Review: TIFF 2018: ‘Freaks’ never settles for the expected Special

Posted Sep 12, 2018 by Sarah Gopaul
‘Freaks’ is a thriller that unexpectedly turns into a science fiction narrative, while providing commentary on the current state of affairs.
A scene from  Freaks
A scene from 'Freaks'
Throughout its history, the cinema has not only been a source of entertainment, but a place to creatively explore social and political issues. Genre films have been especially employed for this purpose, using fictional characters, creatures and worlds as metaphors for real-life problems. The violence in The Texas Chain Saw Massacre was indicative of the strife in Middle America, while Avatar dealt with issues of climate change and environmental conservation. People that don’t watch the news may be more open to seeing these subjects handled in a film rather than a news article. Science fiction is a pillar of commentary filmmaking and Freaks is certainly making a statement.
Henry (Emile Hirsch) and his daughter, Chloe (Lexy Kolker), live alone in a derelict house, hiding from “the bad people who want to kill them.” He hasn’t told her much else, raising her on the belief that if she steps outside her door she will be murdered almost instantaneously. Yet, for the inevitable day when she has to reintegrate into the world, Henry gives Chloe lessons about being normal, which is a hard sell since she lacks most of the social skills of her peers with whom she’s never been allowed to play. But Chloe has a scary closet in which people come to visit her, though they’re not always nice. At seven years old, she’s grown restless and skeptical of her father’s rules — she wants to go outside… now.
This movie makes an impeccably seamless transition from a horror/thriller to an action sci-fi that’ll have viewers enthralled from start to finish. Since Henry doesn’t let Chloe leave the house, audiences have no idea what lies on the other side of the bolted door. He goes out as necessary for supplies, but where he acquires them is a mystery. Yet, he’s adamant the outside world is out to get them even though he won’t reveal why. There’s also Chloe’s hauntingly realistic dreams and nightmares that add another element of intrigue to the story.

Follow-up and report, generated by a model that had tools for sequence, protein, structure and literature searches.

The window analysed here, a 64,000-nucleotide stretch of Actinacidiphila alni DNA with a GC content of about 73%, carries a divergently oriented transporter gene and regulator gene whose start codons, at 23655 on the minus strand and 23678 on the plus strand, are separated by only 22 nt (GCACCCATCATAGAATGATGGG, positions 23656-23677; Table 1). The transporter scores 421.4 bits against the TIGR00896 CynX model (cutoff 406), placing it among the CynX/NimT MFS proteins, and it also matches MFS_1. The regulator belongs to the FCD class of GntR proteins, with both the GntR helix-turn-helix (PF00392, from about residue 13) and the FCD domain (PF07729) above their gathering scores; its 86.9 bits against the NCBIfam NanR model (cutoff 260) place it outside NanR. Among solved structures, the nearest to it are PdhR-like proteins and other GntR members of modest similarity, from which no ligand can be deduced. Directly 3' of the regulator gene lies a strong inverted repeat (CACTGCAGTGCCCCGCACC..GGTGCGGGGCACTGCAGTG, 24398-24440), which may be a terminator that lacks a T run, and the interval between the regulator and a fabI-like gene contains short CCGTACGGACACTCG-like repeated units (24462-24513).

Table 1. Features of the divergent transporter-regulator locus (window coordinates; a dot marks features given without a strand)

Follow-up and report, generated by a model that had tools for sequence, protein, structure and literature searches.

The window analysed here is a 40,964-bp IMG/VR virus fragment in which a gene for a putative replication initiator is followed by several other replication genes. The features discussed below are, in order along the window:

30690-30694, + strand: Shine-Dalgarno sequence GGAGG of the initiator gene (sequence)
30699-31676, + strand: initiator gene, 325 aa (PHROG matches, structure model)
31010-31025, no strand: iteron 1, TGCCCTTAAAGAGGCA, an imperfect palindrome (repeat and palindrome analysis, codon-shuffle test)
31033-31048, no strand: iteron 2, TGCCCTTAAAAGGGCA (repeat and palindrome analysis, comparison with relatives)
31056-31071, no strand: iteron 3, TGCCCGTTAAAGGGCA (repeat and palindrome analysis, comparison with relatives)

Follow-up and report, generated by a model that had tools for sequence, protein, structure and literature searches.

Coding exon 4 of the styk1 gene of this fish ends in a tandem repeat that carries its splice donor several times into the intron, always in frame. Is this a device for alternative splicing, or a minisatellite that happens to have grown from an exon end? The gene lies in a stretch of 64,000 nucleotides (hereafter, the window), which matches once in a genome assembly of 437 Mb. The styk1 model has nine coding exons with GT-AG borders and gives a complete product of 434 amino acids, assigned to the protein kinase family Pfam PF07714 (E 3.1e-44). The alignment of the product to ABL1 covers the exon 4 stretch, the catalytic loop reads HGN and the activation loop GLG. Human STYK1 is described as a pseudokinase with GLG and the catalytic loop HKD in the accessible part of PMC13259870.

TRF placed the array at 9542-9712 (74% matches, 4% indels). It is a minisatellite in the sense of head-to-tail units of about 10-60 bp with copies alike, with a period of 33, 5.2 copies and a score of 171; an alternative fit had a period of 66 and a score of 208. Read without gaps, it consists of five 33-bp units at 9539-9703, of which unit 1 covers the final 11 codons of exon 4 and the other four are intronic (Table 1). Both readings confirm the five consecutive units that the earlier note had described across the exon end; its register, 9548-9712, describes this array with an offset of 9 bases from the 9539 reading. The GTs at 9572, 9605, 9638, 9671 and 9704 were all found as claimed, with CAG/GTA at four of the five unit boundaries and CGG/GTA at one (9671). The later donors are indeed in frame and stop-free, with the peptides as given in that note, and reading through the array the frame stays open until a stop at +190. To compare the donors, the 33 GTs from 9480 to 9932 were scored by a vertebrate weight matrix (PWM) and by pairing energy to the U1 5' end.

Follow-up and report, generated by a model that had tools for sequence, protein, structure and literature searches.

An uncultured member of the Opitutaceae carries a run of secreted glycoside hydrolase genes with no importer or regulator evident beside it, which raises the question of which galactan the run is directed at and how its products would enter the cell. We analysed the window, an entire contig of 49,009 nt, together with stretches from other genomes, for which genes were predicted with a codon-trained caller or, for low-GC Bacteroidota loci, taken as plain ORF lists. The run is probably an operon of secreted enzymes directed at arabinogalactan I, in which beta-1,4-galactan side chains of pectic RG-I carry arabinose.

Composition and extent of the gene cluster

Then the tale takes a turn and a strange man in an ice cream truck (Bruce Dern) insists he can give Chloe a better life, as well as repair her broken family. The characters’ secrets are exposed and it becomes a cross between a Twilight Zone episode and a Marvel storyline. The latter has done an excellent job highlighting the persecution of “the other” throughout society and this narrative sets out to do the same with a story that has a lot of grey areas. While the struggle with some decisions, they make others that should be difficult too easily, which creates some very interesting moral dilemmas for the characters and the audience.
More than once viewers will think they’ve seen this type of movie before and then the film will find a way to surprise them. Kolker’s performance is outstanding as she conveys the complexities of Chloe’s circumstances, while also portraying everything through the eyes of an impetuous child unable to control her emotions. The script is intelligent with genuine character development and enough wit to occasionally illuminate the darkness. Genre fans will not be disappointed with this hybrid production.
Freaks had its world premiere in the Discovery category at the Toronto International Film Festival. Don’t miss the rest of our TIFF 2018 coverage.
Directors: Zach Lipovsky and Adam B. Stein
Starring: Emile Hirsch, Bruce Dern and Lexy Kolker